Latest from EndangerBus

Get on the Bus!

January 10, 2011 by Bay Nature Staff

Butterflies fluttering through the Mission, mice nibbling their way down Sansome, pelicans gliding up Geary. Starting today and tomorrow, four MUNI buses will make a splash with Endangered Species, an art project that has redesigned buses with photographic murals of endangered or threatened species who live around San Francisco.

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EndangerBus Feature: Brown Pelicans

December 23, 2010 by Bay Nature Staff

Though California brown pelicans are the smallest of all pelicans, they are still very impressive birds, with wingspans occasionally as big as eight feet. Nearly driven to extinction by DDT, they've made a comeback but are now threatened by mysterious harmful algae blooms.

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EndangerBus Feature: Coho Salmon

December 23, 2010 by Bay Nature Staff

Along the coast of Northern California, nearly every stream and creek once had its own migratory population of coho salmon. Their return each winter, once as reliable as the next train or bus, now happens in fewer and fewer places each year. Where the fish do return, it's often thanks to dedicated volunteers working to keep creeks healthy enough for our region's most charismatic nomads.

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EndangerBus Feature: Mission Blue Butterfly

December 23, 2010 by Bay Nature Staff

If you're lucky some spring day in a few small patches of land near San Francisco, you may catch the glint of a male mission blue butterfly's iridescent wings. If you are so fortunate, thank the determined conservationists who've been working to protect a small butterfly from big threats.

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EndangerBus Feature: Rapid Transit

December 23, 2010 by Bay Nature Staff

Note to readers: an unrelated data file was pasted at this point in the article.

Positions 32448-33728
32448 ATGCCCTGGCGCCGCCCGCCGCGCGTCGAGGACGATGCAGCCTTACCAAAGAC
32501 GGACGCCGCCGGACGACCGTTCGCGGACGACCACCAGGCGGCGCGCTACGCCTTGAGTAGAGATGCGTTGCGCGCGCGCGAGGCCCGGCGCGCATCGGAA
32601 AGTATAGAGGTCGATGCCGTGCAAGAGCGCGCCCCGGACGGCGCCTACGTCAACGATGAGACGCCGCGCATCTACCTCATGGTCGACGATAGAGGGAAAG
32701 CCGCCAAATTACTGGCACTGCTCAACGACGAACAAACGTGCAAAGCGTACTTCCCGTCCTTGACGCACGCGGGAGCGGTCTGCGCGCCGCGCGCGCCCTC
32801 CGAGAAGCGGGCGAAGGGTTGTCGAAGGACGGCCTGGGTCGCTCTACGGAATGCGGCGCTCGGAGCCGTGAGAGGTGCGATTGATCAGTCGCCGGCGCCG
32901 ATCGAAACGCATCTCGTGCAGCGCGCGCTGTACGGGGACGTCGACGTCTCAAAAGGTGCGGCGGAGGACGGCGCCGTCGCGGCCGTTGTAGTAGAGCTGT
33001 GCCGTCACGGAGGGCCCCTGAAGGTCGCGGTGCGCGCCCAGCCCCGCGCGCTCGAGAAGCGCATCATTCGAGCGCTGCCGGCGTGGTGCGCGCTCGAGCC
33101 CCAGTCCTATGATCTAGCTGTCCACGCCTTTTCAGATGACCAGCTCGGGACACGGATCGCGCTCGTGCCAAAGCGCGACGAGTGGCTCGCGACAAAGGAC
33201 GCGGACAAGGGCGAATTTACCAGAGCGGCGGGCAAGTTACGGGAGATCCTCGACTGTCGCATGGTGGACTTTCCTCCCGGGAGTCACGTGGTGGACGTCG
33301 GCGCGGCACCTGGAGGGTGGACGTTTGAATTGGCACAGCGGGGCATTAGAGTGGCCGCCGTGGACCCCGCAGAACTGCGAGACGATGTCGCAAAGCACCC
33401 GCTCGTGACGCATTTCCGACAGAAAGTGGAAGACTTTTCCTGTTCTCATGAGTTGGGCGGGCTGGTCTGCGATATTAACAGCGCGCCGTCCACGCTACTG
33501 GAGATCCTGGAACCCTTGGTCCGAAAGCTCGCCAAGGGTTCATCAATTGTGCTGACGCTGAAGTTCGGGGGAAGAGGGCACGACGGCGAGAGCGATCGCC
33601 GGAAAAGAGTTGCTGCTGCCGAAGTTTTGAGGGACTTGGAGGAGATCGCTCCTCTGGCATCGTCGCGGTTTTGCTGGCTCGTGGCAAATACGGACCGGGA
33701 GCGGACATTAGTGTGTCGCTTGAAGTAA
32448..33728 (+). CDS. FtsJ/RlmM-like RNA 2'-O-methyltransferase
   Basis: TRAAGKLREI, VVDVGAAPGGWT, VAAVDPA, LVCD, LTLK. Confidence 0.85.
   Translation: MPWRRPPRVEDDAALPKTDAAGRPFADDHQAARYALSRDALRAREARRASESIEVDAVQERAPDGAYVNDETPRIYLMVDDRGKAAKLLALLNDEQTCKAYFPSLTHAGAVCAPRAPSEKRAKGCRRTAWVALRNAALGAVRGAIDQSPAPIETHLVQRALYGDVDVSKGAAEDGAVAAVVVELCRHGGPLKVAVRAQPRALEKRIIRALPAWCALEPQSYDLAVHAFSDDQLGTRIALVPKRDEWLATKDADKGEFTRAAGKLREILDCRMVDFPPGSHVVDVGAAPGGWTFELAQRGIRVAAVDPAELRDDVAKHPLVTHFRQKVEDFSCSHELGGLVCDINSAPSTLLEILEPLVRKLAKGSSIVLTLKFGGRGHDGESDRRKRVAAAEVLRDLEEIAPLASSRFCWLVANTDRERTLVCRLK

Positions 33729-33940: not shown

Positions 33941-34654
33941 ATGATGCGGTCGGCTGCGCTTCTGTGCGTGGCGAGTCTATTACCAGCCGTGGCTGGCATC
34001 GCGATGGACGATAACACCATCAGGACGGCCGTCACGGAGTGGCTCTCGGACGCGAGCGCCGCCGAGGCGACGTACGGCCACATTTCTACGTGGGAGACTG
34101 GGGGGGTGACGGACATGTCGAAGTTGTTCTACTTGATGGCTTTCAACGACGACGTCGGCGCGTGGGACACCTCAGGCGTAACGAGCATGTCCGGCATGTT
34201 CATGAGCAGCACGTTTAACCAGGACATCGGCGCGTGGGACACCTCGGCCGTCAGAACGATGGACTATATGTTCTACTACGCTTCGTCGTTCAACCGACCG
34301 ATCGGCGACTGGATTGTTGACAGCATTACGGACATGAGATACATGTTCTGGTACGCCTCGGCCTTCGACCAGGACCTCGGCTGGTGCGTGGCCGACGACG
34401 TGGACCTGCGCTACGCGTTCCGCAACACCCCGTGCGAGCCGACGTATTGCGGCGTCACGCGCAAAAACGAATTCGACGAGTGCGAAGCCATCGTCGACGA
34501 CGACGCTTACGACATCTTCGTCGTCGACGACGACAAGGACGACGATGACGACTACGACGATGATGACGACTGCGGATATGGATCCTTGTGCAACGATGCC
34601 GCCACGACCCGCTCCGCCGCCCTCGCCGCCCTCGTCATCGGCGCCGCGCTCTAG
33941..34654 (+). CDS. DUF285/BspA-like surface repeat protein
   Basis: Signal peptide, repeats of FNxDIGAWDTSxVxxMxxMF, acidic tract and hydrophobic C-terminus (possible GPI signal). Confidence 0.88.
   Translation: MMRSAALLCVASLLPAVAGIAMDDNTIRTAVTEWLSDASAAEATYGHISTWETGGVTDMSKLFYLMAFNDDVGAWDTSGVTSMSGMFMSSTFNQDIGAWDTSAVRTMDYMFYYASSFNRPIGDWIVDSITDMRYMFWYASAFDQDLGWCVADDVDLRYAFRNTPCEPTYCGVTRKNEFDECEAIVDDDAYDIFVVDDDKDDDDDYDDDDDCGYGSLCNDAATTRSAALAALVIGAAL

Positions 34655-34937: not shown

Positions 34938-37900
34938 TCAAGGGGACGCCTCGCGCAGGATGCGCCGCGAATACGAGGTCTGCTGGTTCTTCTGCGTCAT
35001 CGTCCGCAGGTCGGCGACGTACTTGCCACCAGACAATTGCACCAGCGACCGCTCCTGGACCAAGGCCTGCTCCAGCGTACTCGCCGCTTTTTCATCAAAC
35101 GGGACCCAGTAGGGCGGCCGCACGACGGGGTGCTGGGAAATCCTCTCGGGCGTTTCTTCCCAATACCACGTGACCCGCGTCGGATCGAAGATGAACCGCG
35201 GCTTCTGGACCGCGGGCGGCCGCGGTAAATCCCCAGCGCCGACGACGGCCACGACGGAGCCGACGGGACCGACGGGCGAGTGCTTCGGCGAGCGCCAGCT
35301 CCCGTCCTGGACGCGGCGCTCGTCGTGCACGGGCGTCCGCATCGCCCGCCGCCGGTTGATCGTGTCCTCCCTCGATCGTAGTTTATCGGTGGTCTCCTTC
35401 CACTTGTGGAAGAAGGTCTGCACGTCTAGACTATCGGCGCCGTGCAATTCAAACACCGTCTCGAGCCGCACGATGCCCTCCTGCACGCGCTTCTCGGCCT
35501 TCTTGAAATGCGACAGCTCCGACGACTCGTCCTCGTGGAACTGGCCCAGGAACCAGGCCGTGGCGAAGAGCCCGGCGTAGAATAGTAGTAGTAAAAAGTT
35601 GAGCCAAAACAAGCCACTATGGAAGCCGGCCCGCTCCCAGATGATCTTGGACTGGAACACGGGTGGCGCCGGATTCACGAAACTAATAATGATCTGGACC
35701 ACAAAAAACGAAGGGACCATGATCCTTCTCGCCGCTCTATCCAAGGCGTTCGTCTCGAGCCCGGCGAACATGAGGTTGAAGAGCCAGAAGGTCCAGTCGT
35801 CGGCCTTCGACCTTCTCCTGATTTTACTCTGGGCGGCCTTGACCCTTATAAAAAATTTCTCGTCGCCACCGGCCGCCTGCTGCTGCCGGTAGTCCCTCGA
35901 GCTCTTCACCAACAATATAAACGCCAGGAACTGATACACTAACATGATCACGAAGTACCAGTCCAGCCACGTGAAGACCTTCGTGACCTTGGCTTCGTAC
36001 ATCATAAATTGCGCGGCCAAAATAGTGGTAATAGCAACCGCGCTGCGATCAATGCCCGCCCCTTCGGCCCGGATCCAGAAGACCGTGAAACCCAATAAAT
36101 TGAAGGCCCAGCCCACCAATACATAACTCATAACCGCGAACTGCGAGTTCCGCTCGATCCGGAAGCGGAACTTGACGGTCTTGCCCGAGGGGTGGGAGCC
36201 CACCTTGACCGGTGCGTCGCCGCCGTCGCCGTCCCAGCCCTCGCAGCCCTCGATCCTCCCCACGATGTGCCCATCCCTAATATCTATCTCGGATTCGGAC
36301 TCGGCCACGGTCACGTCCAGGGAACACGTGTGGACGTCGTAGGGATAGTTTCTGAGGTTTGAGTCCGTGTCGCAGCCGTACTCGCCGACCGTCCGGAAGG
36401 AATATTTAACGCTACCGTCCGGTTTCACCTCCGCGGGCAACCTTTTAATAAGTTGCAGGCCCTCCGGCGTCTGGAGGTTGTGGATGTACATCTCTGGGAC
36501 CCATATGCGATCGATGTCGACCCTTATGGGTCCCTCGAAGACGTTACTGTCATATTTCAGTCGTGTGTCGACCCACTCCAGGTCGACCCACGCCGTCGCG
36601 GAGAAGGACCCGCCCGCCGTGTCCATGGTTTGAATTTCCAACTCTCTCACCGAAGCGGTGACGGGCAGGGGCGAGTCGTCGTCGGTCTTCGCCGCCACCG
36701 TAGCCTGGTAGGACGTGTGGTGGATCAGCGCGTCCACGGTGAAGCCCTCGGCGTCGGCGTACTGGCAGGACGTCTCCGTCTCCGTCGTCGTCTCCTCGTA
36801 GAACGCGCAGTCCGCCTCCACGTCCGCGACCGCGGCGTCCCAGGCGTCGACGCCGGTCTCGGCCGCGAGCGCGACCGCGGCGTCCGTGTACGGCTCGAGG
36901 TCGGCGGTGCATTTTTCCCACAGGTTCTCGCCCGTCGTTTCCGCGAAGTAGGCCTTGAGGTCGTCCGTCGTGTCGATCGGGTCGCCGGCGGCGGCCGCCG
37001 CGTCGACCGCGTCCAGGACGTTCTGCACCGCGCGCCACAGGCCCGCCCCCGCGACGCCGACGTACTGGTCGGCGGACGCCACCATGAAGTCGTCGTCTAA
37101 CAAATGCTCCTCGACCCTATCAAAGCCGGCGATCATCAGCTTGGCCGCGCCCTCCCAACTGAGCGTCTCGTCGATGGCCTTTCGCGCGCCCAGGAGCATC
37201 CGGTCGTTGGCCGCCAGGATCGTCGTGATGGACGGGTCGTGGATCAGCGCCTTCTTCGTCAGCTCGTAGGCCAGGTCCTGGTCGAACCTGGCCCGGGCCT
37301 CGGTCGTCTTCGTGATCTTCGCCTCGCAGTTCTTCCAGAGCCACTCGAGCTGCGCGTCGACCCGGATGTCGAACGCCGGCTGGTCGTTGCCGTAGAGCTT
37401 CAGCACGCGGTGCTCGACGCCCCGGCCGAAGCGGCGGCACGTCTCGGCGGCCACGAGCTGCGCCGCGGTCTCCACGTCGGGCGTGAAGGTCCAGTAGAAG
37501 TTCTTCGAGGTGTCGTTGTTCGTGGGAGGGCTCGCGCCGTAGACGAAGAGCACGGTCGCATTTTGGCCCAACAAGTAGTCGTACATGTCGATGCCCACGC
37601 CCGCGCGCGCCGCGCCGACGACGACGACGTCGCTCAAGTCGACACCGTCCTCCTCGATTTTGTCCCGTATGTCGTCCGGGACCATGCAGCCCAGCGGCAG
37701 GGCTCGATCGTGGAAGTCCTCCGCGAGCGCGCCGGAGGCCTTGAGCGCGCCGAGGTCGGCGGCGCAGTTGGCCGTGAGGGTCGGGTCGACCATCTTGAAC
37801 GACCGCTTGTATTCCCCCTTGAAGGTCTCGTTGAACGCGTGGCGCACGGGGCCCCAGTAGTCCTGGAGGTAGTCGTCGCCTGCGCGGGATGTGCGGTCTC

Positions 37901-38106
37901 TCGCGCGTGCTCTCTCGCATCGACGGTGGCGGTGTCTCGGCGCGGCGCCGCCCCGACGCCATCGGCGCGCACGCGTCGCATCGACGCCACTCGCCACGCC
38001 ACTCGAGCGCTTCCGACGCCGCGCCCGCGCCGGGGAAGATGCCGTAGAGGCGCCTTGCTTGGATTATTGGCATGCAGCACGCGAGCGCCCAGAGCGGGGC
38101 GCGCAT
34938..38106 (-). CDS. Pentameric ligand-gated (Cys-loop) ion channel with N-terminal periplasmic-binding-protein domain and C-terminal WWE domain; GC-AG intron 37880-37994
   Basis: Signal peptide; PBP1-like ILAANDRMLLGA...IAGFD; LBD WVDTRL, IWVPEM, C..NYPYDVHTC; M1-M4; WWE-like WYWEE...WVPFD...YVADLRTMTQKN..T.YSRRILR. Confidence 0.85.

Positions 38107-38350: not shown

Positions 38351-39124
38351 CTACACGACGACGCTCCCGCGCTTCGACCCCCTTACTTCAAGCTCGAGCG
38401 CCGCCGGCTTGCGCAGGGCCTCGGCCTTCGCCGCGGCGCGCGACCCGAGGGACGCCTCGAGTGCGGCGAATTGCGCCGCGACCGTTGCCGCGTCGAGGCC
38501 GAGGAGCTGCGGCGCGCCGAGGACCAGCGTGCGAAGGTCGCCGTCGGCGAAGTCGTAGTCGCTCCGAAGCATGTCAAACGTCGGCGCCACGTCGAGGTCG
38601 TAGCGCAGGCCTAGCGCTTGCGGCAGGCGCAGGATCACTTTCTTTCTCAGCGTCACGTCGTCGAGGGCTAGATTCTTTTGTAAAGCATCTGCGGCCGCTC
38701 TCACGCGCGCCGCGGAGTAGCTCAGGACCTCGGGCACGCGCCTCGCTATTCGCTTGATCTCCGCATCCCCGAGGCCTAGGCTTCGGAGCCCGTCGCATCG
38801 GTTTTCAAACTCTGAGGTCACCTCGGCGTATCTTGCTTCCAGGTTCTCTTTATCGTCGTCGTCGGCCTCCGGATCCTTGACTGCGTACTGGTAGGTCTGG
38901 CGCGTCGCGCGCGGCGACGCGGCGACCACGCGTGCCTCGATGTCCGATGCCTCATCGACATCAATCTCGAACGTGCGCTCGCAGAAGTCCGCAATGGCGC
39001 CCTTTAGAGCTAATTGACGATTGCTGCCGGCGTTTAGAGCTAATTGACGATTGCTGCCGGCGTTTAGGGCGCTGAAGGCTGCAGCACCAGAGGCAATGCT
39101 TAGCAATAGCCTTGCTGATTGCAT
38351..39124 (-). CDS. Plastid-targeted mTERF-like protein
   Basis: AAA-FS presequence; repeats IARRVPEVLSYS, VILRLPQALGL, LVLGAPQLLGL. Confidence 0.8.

Imagine a time when buses and streetcars and trains are everywhere in San Francisco, when everyone takes transit and almost no one owns a private car. This was close to reality just 70 years ago. Since then the urban ecosystem has changed, and buses were outcompeted by private cars. Today, though, that urban ecosystem might be changing again.

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EndangerBus Feature: Salt Marsh Harvest Mouse

December 23, 2010 by Bay Nature Staff

Every once in a while, a small and unremarkable animal makes a huge impact on a landscape. So it is with the salt marsh harvest mouse around the edges of the San Francisco Bay. The endangered species status of the harvest mouse, along with that of the California clapper rail, has been a prime mover in the restoration of thousands of acres of tidal marshes around the region.

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EndangerBus Feature: San Francisco Garter Snake

December 23, 2010 by Bay Nature Staff

Reptile expert Robert Stebbins calls the San Francisco garter snake "one of the most beautiful serpents in North America." The snake's dazzling patterns of color serve as camouflage in its native habitat: the open marshes, stream banks, grasslands, and vernal pools of the San Francisco Peninsula. But the best camouflage is little help if your home territory gets built over.

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